Terry Lease, general manager of VMAX Technologies, said: “The V1.5 package allows in-house scenarios to be easily created and installed like any other Windows type of program. This capability not only ensures ease of installation in an offshore environment, but also allows for versioning control and configuration management.

“All of the standard VMAX ROV training scenarios have been re-worked and expanded to systematically teach pilots how to perform complex tasks,” Lease continued. “Some of these scenarios include picking up delicate items from shipwrecks, installation of control pods using work skids and torque tools, installing steel-tube flying leads using a FLOT, using custom tooling to mate flanges, and using pumps to evacuate suction piles. The overall goal is to give the customer complete control of the simulation experience, help reduce risk, increase efficiency of operations and create an overall reduction in project costs. This new system allows users to train and learn at their own pace instead of requiring a dedicated 40-hour course.”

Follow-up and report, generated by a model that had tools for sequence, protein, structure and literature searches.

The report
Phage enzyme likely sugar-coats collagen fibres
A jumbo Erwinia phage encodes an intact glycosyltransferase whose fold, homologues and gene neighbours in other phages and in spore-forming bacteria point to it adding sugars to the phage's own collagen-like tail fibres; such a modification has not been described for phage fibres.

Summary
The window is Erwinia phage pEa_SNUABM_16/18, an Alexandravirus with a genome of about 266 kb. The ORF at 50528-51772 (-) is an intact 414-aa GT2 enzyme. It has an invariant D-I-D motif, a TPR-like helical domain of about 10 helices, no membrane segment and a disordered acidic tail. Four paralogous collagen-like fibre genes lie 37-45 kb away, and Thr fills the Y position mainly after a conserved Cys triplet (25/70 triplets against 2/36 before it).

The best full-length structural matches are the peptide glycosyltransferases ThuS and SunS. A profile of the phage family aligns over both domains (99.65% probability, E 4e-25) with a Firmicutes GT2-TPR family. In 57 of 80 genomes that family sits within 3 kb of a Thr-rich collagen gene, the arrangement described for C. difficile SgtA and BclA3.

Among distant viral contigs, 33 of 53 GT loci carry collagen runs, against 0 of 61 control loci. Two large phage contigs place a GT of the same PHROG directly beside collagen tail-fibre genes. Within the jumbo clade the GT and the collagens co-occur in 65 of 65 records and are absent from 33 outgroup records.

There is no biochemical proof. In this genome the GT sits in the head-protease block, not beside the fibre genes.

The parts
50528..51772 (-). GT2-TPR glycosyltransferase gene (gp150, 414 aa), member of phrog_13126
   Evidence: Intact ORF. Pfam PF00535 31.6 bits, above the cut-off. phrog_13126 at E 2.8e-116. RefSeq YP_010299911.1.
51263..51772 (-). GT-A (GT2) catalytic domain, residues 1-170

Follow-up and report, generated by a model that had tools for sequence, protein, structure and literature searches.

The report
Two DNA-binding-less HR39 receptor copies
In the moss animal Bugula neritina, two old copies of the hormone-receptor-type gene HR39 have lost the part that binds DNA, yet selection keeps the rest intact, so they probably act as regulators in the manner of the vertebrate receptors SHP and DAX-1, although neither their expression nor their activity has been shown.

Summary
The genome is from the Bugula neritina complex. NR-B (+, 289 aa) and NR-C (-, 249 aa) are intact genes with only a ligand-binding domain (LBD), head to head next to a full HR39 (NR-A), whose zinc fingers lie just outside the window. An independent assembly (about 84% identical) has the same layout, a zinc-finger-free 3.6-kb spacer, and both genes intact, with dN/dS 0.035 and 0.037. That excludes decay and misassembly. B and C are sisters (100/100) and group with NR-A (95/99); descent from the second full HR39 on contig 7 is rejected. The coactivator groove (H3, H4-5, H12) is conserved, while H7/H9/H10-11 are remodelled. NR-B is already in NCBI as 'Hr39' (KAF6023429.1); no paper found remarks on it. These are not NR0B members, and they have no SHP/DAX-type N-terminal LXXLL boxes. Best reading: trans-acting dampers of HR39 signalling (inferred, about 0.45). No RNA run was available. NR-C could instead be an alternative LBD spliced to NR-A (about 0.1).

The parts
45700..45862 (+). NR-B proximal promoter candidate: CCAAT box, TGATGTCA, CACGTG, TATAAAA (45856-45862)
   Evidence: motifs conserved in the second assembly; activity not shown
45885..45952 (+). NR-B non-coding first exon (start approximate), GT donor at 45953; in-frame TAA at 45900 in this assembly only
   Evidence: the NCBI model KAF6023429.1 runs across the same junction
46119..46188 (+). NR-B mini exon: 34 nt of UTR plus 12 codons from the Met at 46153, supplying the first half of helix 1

www.vmaxsimulator.com

April 16, 2009 at 8:11 pm 3 comments